Commonwealth chief says Brunei ‘death to gays’ law violates human rights
The Secretary-General of the Commonwealth, Baroness Scotland, has spoken out after member state Brunei imposed a law that introduces the death penalty for homosexuality.
The Southeast Asian country has faced an international backlash over its harsh new penal code, which allow death by stoning as a punishment for gay sex or adultery, while lesbian sex is punished by 100 lashes with a whip.
MPs have called for the country, which was a British colony until 1984, to be suspended from the Commonwealth due to the law.
Baroness Scotland: New Brunei penal code violates human rights commitments
In a statement to the i newspaper, Commonwealth Secretary-General Baroness Scotland said that she had “strongly urged” the Brunei government to repeal the law.
The baroness said Brunei had “committed itself to upholding the values and principles of the Commonwealth Charter which underscores a commitment to the Universal Declaration of Human Rights and other relevant human rights covenants and international instruments.”
She added: “I have communicated my concern to the Government of Brunei, strongly urging it to reconsider the introduction of the punishments proposed under the new Penal Code which, if implemented in its current form, will potentially bring into effect cruel and inhuman punishments which contravene international human rights law and standards.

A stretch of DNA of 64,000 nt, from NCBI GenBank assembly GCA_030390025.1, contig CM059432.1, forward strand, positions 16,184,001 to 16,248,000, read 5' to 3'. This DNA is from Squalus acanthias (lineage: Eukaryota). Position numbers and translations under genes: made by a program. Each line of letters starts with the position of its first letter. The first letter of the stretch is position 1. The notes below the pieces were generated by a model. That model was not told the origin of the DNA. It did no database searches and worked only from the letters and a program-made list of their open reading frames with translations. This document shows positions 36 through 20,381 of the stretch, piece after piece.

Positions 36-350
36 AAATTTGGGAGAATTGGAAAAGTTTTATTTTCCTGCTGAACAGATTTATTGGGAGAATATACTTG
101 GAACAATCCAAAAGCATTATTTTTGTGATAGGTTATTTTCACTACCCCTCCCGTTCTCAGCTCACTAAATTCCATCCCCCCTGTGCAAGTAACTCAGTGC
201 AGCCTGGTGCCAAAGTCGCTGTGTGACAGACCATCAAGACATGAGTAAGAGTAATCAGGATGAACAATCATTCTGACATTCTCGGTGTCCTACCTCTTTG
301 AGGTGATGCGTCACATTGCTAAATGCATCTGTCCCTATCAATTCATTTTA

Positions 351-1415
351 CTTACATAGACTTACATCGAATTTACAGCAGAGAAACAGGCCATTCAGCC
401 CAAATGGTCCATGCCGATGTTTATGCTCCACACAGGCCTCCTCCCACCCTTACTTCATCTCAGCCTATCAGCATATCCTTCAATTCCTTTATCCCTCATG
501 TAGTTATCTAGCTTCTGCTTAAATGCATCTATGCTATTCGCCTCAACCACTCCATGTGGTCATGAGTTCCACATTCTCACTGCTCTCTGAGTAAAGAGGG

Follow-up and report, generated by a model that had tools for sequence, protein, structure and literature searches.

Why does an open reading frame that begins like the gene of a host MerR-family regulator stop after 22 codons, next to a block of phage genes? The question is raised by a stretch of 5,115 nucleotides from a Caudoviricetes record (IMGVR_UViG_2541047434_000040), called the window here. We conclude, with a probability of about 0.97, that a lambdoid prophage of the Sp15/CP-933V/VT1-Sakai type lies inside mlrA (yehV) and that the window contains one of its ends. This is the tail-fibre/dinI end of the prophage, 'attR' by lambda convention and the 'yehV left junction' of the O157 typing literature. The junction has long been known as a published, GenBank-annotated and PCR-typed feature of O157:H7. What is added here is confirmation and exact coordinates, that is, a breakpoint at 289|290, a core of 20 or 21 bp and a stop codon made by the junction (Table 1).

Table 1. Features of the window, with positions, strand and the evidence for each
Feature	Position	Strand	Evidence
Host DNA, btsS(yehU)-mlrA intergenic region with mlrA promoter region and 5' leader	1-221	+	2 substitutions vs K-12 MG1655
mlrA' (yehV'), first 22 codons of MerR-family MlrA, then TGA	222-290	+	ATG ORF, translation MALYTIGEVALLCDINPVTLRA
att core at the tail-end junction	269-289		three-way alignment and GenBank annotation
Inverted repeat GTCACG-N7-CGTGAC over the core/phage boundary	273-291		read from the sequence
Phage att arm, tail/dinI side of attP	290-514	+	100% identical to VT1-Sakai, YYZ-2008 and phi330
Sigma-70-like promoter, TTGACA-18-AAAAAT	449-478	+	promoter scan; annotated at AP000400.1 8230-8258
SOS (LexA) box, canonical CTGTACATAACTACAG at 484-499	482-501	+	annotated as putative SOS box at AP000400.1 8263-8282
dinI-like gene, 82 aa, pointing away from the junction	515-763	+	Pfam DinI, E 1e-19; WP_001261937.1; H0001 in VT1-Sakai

“The Commonwealth Secretariat is ready and willing to provide Brunei Darussalam with technical assistance and to advise on the formulation of a revised Penal Code in accordance with the values and principles of the Commonwealth Charter and in compliance with international human rights law and obligations including on the issue of harmonisation.”
However, she did not go as far as responding to calls for Brunei to be ejected from the Commonwealth.
MPs call for Brunei to be suspended from Commonwealth
UK Labour MP Khalid Mahmood had told Parliament: “It is a clear breach of Brunei’s obligations under the Commonwealth charter on human rights [which must have] immediate consequences for Brunei’s membership of the Commonwealth.
“It is time for the Commonwealth to draw a line in the sand on LGBT rights, and that line must be drawn now in relation to Brunei. We cannot be in a situation whereby a Commonwealth country announces plans to stone and whip LGBT people to death and the Commonwealth does nothing.”
Tory MP Philip Hollobone, who is usually an opponent of LGBT+ rights, also called on the government to “make clear that such punishments are simply incompatible with Commonwealth membership.”
However, UK foreign office minister Mark Field responded that it was better to “work within the broad international community” to pressure Brunei “rather than threatening to kick countries out of the Commonwealth.”
The Conservative minister added: “The Sultan of Brunei has been a great friend of this country over many years.
“He has, I think, become a little more devout as he has got older, which is one reason why the sharia code has been put in place.
“However, I am hopeful that we can continue to have a positive and constructive dialogue on this issue, with Brunei and with a number of countries that we would like to see making changes in future.”
Brunei is far from alone in the Commonwealth in imposing anti-LGBT laws,
36 of the 53 countries in the Commonwealth continue to criminalise same-sex acts, primarily under laws imposed during the British Colonial era that were never repealed.
More than a billion people live under anti-gay laws in the Commonwealth.
In 2018,Theresa May told Commonwealth leaders that the UK “deeply regrets” its legacy on anti-gay laws.